Friday, May 29, 2009

Is Nostalgia The Only Thing The Hobby Has Left?

After seeing a preview for Goodwin Champions baseball, as well as the success of Allen and Ginter, Heritage (Topps and Bowman), Goudey, Mayo football, and Philadelphia football, I am beginning to wonder if nostalgia is the only thing left in the minds of the manufactures looking to produce a successful set. With Baseball, its become all but super apparent, Football is getting there quick.

Listen, I know we all love to see the past successes of our favorite sets be repeated with updated players, but when is enough, well, enough? Right now, in the Baseball industry, its tough to produce a successful set if you are not producing Bowman Chrome or base Topps. Maybe that is why you wont have the popularity unless it is a retro product based on a popular vintage set - a la the future Upper Deck offering. Why have we allowed the Manufacturers to resort to laziness rather than coming up with new examples of wonderful products?

In football, the tide is starting to turn towards a retro dominated market, though the number of sets to choose from is greatly reduced. Philadelphia is coming out soon, and it looks great, only because it includes elements of two great looking sets, 1935 National Chicle and the Philadelphia set the product is based on. I credit Upper Deck football with their recent design work, as most of the time, the new products do show a lot of creativity. Although for the other companies, there is nothing but sheer boredom. I hope that things pick up, as there is no reason lately for me to go and spend more than 100 bucks on a box anymore. Its not because of content, its because every time I spend the 100 bucks, its on a product that looks exactly the same as last year's and the year before that, and the year before that, and the year before that.

As consumers, we would not buy any other form of a product if there were no improvements year to year - with Madden Football as the one exception. Look at every set and the components of what is offered each year. Gridiron Gear has not changed in 5 years, there are not any additions, just minor design changes. The only set that changes outside of the ones offered by UD are National Treasures and minor changes to Triple Turds, both of which cost over 150 dollars per box and one of which that sucks beyond belief.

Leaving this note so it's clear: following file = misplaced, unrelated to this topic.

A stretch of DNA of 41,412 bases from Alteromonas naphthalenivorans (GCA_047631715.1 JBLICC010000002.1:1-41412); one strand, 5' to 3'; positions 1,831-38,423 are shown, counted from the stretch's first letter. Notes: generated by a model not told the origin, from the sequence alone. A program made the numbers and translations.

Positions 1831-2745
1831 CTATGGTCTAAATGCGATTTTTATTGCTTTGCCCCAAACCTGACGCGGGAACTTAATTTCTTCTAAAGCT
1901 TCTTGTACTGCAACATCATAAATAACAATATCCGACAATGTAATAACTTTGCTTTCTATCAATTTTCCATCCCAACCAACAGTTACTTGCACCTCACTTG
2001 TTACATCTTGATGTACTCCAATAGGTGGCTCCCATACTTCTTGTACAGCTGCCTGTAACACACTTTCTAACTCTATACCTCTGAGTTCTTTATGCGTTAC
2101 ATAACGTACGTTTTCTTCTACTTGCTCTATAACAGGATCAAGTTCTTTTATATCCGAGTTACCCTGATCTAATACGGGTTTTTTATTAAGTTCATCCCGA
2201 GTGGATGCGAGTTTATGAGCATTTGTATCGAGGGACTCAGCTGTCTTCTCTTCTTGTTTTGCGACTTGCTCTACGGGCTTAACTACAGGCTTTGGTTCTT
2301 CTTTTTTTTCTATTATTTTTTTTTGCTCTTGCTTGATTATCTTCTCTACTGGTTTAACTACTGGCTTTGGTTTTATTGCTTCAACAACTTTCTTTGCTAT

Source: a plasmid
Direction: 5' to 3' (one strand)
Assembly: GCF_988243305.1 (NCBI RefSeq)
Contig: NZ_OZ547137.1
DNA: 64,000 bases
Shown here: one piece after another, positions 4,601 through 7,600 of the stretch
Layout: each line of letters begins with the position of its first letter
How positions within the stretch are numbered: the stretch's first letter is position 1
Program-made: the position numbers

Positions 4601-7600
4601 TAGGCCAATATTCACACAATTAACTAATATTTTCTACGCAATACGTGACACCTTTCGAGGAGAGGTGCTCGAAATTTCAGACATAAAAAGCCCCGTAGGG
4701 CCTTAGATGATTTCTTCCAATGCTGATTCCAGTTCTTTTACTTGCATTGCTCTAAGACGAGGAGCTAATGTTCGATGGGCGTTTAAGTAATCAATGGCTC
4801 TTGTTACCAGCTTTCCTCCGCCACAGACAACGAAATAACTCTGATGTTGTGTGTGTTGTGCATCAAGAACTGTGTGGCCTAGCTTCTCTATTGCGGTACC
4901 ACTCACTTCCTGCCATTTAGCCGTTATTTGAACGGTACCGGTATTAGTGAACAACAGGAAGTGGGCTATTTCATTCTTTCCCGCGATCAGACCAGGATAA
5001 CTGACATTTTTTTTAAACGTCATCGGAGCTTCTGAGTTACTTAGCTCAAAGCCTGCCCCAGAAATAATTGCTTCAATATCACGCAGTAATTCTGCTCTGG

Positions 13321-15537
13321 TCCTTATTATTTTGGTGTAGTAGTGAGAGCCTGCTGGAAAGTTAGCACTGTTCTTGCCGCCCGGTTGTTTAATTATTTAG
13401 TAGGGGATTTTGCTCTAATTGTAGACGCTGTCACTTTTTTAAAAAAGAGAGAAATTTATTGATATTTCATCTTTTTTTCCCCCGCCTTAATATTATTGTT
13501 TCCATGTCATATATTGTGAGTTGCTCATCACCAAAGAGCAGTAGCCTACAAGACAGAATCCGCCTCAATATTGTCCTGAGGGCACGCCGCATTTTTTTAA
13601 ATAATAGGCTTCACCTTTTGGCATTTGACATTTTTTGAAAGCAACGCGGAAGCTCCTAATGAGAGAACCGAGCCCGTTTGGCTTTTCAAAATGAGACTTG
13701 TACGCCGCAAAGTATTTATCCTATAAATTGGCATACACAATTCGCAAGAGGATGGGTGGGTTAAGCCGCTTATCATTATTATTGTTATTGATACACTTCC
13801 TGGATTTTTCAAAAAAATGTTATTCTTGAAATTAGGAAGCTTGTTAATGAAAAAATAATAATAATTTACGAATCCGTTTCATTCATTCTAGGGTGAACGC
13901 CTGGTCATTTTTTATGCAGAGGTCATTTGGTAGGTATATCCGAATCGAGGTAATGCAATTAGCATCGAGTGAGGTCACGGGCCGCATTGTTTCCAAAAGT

I do not have a sky falling attitude about things that will kill the industry, however I am so fucking bored that I may not buy a single box this year. That's how bad it has gotten for me.


  1. I'm all for sets living in the past. I'm sick of seeing the futuristic sets. They seem dated and clunky. Until the companies hire a design team that has fresh and exciting ideas, we are doomed to repeat the past.

  2. Let's face it, a lot of collectors collect cards for the nostalgia rush, myself included.

    I do think companies go overboard with the retro sets. They should tone it down a bit. But I will never stop thinking retro sets are cool.

  3. Some of the retro sets have been good, others have been awful. It takes a special kind of set to be cool, and many of them are done just to be done.

  4. Gellman, I absolutely love this post. I have been thinking the exact same thing for months now. It is so incredibly obvious that the card designers who work for the card companies are bankrupt of any good ideas, so they keep falling back to past designs. Having a few retro sets per year is cool, but when the only decent designs that you have are based on old designs, that signals a serious problem. We're now at a point where not only are the non-retro product designs totally uncreative and boring, but now even the retro sets seem the same every year - look at Allen & Ginter baseball - basically the same design 4 years in a row. In the end, I figure that if the people making the cards don't care about putting out a quality product, then why should I bother collecting?

  5. Dave, you said it better than I could.

  6. Thanks for throwing this out there, it really needed to be said. I think the worst thing is that, if you really get into those vintage sets, there's really no comparison as to which is better. That's compounded by the fact that people are willing to pay, at times, as much or more for the retro cards as opposed to the real thing. It's a sad day when 2009 Topps Heritage Black Chrome cards outprice a 1960 Topps Hank Aaron, and yet that's routine at this point.

    I think if you asked most collectors which they'd rather have, the 1960 Aaron or an 09 Heritage Stan Musial Stadium relic, they'd pick the Aaron. However, their actual purchasing habits say otherwise.

    I think people want great cards with crisp designs and solid photography. Instead of giving them that (which would take effort) the companies use the retro sets to tie into a time when those things were routine. "It looks like '53 Topps, so it must be as good as '53 Topps." No, it ain't.

  7. Man, gotta jump through hoops to comment. I collect as an adult because of retro sets, but I agree 100% on the theme. I don't really buy anything original in baseball anymore and football I buy Donruss glory from 5 years ago, nothing is new. I firmly believe in mixed offerings but shouldn't there be something original that is good at least once a year? I no longer buy A&G and Goudey, since they are the same card every year. I disagree on Upper Deck, they all look the same now too. Even SP Authentic football, I only bought 1 box. That is a least 3 less than usual for me. (okay maybe 5-7 less) Exquisite is the only football product that got better to me, but I haven't liked those huge head photos on a more expensive SP Authentic design in a long time, unlike most who buy higher end. Even my beloved NT took a dive this year.